Body worn cameras (FOI)
Body worn cameras (FOI)Produced by the Freedom of Information office
Authored by States of Jersey and published on 23 May 2016.
Between 2011 and 2015 how many times has footage from body worn cameras on police officers been used for the conviction or included in evidence in court – a breakdown for each year.
The number of officers in the force who wear body worn cameras and what percentage this makes up out of the full team.
The total amount of money spent on investing in body worn cameras.
The States of Jersey Police began a pilot scheme to trial body worn video (BWV) in 2013.
The trial was successful and officers began to use the BWV cameras when on patrol duty from November 2014.
The number of cases where evidence was gained from BWV cameras is as follows:
Other than initial testing in 2013 and 14, in all the above cases, the evidence obtained from the BWV camera was deemed sufficiently relevant to be added electronically to the case file. Should the case go to trial, this evidence would be disclosed to the prosecution and the suspect or their legal team. The disclosure of this evidence could be enough to prompt a guilty plea in court, saving the taxpayer significant sums in the cost of a ‘not guilty’ trial. The defence does not advise the States of Jersey Police if this was the case. It is not possible to determine in how many cases this has occurred.
The States of Jersey Police does not hold the information regarding the use or not of the BWV evidence in the trial itself. It is not possible to determine in how many cases the evidence was viewed in court without access to court transcripts. If the court were to access this information, the time taken to complete this task would be in excess of the 12.5 hours prescribed in the Freedom of information (Costs) (Jersey) Regulations 2014.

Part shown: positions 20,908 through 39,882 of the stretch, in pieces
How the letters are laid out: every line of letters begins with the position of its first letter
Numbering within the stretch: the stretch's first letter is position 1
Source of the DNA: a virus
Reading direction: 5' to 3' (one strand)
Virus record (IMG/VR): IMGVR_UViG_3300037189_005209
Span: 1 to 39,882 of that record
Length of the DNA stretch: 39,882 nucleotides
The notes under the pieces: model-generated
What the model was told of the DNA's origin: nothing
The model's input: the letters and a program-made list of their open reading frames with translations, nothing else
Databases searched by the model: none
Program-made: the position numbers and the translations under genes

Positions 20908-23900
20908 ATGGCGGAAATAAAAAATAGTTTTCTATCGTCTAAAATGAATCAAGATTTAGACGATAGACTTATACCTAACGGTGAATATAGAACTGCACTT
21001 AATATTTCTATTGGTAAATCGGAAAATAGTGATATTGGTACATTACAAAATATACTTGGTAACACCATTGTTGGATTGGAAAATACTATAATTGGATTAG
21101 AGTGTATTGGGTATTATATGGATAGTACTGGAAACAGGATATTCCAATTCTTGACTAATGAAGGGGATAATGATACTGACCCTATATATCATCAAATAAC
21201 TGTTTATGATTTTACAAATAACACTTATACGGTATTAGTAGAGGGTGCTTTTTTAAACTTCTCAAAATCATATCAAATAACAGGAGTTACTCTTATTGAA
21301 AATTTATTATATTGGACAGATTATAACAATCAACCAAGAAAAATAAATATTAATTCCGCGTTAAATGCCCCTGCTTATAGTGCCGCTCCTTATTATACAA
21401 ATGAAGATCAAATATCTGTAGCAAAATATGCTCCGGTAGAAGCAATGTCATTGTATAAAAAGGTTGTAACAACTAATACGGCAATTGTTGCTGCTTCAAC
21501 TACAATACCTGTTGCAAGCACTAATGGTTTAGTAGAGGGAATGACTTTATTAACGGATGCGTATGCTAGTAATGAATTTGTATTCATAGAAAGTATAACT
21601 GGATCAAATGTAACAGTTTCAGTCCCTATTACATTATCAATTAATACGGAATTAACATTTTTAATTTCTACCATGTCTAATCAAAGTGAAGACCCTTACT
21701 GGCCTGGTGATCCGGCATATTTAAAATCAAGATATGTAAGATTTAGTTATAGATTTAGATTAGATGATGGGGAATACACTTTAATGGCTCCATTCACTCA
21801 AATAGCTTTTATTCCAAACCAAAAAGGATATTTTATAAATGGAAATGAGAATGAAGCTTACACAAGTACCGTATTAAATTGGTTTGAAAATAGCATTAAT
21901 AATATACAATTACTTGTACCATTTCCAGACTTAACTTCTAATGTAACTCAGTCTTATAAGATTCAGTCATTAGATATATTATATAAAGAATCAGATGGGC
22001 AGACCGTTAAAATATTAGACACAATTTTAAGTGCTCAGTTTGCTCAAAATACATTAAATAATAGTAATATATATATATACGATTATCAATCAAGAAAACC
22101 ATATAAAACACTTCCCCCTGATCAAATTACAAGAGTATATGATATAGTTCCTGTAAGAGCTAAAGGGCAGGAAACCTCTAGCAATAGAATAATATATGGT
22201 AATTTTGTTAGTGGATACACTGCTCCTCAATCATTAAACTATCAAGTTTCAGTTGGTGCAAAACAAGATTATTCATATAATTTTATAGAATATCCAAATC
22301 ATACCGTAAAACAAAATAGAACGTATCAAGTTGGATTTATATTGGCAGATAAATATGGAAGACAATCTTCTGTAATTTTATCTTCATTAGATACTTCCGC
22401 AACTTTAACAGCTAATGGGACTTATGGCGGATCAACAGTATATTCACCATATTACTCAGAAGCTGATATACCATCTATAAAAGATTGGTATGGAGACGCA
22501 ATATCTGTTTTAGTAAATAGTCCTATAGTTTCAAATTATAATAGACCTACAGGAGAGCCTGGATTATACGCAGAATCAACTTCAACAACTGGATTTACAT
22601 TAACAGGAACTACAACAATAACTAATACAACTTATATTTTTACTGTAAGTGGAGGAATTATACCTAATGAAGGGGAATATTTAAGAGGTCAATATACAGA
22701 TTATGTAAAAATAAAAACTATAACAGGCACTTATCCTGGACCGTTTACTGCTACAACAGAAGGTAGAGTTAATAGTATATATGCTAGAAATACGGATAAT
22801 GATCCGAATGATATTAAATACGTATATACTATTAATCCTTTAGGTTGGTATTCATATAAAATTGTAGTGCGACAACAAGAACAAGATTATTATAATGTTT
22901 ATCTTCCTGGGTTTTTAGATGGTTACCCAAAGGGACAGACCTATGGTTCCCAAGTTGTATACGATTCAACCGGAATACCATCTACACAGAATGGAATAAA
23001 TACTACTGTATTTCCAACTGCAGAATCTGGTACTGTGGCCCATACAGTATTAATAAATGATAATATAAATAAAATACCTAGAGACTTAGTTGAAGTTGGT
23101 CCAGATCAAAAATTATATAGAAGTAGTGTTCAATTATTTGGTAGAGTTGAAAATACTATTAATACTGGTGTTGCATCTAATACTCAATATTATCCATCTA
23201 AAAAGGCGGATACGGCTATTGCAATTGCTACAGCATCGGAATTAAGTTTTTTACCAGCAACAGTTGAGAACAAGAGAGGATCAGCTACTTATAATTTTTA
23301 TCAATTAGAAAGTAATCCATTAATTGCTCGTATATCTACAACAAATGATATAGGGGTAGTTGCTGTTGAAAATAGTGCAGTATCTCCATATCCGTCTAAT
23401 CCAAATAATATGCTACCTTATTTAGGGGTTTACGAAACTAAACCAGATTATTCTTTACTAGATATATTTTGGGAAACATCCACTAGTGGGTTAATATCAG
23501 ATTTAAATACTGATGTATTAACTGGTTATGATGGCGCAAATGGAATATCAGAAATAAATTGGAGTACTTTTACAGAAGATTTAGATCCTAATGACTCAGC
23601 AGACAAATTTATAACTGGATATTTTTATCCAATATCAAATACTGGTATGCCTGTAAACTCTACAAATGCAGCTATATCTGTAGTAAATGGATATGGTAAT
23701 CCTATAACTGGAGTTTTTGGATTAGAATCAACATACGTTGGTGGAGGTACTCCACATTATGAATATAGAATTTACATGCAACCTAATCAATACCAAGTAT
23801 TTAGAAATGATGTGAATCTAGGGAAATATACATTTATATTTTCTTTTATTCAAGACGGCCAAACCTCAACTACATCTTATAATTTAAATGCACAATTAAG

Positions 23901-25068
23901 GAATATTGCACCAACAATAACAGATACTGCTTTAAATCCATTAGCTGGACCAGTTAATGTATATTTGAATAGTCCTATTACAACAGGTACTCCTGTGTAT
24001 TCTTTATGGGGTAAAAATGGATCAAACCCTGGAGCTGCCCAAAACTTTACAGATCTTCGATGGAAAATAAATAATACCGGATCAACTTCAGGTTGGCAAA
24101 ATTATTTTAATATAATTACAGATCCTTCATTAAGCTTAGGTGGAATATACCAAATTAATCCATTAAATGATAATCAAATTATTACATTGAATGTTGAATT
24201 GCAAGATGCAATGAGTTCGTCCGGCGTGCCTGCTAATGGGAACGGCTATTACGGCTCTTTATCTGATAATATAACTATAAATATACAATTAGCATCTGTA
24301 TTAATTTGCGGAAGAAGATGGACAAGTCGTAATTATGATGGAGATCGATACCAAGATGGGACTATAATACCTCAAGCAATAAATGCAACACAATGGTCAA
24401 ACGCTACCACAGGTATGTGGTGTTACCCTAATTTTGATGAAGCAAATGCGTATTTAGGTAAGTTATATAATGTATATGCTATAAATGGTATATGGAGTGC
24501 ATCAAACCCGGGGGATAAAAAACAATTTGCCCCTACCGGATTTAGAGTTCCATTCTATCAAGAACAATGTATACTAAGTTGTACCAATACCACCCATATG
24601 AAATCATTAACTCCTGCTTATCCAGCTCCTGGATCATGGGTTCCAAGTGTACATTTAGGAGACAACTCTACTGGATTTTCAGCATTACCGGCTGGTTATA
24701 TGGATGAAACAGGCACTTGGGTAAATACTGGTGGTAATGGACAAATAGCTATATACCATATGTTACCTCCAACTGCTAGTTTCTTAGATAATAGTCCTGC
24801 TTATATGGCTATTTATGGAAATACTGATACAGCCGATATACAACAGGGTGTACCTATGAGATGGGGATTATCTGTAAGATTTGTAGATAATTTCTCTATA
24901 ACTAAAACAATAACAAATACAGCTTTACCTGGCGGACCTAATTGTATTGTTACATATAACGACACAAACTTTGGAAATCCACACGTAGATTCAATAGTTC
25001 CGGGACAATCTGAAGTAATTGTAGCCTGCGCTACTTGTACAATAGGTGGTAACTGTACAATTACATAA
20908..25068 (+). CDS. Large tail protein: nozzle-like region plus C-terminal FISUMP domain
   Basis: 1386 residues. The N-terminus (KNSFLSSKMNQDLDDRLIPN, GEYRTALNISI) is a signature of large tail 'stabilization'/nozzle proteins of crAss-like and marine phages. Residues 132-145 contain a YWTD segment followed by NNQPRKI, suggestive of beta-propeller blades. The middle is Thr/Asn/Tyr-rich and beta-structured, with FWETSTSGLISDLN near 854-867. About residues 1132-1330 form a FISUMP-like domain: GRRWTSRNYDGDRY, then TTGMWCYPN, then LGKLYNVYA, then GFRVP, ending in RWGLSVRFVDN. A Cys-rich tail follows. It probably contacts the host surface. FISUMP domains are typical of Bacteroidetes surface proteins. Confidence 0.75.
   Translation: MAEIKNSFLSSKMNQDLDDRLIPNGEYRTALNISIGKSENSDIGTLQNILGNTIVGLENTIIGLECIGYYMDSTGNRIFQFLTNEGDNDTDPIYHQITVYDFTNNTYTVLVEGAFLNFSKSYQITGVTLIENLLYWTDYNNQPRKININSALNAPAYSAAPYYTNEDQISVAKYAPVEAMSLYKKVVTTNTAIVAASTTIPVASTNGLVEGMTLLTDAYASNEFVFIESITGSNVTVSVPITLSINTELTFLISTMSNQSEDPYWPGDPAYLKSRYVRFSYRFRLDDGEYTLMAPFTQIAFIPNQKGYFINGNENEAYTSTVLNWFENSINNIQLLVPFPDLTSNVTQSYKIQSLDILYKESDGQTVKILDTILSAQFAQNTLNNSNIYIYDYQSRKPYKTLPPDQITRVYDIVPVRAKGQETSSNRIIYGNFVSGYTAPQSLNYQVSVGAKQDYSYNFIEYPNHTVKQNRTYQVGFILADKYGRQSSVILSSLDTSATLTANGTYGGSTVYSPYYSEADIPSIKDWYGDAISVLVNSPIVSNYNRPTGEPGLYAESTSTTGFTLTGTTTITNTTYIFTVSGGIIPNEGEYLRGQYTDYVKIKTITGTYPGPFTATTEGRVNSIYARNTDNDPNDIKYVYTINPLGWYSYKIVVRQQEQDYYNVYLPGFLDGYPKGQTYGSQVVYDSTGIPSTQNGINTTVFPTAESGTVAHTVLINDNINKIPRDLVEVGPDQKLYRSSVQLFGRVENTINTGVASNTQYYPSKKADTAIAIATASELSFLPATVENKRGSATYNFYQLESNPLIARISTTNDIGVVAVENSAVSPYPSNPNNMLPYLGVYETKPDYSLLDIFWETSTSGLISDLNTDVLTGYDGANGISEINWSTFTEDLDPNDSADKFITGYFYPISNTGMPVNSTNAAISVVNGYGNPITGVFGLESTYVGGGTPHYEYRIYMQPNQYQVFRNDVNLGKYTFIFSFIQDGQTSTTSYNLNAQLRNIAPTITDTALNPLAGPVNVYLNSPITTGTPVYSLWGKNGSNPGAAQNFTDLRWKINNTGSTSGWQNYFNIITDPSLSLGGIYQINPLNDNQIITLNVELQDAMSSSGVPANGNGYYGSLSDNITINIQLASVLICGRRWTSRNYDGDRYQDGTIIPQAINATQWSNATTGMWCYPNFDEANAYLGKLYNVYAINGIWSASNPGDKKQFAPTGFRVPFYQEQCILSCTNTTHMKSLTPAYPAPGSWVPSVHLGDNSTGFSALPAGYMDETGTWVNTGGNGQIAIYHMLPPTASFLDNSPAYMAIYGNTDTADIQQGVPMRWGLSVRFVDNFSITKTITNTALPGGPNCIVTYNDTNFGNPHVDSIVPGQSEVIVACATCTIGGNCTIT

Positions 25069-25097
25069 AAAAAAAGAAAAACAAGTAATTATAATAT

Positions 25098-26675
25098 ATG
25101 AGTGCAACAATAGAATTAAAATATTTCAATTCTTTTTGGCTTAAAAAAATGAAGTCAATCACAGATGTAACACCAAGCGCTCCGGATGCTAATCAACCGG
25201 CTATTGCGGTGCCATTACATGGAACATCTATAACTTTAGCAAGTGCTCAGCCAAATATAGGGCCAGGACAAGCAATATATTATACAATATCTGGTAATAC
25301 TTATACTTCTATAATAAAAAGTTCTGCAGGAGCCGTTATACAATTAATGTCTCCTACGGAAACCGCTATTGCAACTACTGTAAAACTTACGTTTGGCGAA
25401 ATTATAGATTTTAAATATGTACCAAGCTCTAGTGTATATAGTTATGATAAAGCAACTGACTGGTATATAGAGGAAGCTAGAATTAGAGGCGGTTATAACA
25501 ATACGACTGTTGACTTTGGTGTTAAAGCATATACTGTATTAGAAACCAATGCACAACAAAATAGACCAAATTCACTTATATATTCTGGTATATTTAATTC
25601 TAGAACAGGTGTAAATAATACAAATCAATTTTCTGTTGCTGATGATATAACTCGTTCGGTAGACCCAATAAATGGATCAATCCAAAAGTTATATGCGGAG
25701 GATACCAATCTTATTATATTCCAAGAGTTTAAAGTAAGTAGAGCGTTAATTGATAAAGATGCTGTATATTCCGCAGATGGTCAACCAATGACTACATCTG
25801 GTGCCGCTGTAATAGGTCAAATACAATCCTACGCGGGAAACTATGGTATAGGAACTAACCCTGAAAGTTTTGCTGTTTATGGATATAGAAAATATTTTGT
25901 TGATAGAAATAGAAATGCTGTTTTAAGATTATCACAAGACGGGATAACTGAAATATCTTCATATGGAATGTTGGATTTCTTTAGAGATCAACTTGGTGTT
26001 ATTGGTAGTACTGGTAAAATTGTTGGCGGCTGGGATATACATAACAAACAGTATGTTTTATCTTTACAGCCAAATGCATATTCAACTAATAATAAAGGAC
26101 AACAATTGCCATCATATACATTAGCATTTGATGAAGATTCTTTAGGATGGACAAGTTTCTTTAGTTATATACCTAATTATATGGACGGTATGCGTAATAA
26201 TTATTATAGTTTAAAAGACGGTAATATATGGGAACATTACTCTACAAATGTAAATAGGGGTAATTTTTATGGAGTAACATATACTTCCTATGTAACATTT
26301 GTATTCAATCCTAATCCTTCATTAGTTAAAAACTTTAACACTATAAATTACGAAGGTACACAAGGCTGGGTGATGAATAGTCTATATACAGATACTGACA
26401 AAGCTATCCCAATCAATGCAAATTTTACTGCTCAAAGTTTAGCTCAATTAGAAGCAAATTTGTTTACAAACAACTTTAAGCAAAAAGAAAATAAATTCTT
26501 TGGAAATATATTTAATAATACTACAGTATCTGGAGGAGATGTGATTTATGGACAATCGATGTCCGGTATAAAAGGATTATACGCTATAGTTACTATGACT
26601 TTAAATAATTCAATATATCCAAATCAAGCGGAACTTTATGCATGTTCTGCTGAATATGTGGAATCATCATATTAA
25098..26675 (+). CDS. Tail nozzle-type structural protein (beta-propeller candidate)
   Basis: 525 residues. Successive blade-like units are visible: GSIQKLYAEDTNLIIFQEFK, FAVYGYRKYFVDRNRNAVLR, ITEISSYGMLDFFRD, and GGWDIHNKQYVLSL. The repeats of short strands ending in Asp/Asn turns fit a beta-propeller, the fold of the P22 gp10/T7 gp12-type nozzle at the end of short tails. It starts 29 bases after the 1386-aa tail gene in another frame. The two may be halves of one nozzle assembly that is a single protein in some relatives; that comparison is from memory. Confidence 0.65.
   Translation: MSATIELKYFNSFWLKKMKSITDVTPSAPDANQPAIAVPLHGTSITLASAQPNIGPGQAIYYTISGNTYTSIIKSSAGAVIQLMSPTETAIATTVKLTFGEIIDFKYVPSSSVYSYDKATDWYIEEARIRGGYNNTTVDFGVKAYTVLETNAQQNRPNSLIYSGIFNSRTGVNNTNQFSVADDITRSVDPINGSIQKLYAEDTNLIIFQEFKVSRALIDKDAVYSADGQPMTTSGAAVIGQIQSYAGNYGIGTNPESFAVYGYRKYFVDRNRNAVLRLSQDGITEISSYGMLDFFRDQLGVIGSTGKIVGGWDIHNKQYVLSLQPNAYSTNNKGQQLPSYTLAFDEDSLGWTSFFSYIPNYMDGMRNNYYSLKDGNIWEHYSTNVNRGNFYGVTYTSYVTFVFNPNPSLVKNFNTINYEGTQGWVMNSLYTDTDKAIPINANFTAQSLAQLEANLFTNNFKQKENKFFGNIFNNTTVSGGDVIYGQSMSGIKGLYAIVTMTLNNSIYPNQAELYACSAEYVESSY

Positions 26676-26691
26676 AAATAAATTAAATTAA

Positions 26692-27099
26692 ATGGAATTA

The States of Jersey Police currently employs 210 police officers and have 36 cameras at their disposal. There are sufficient cameras for all patrol officers on any normal duty day.
The States of Jersey Police initially bought six cameras in 2013 to run a pilot scheme. Each camera unit costs £571.30 which includes a licence to use the associated software, with upgrades for the life of the camera. Once the pilot scheme was complete and had been assessed as successful, 30 more cameras were purchased. Also purchased were sufficient harnesses and docking stations to enable charging and image downloading, a number of car mounting kits and an extended warranty for each camera. The total cost was £27,848. The funds used were not taken from taxpayers’ contributions but from the Criminal Offences Confiscation Fund.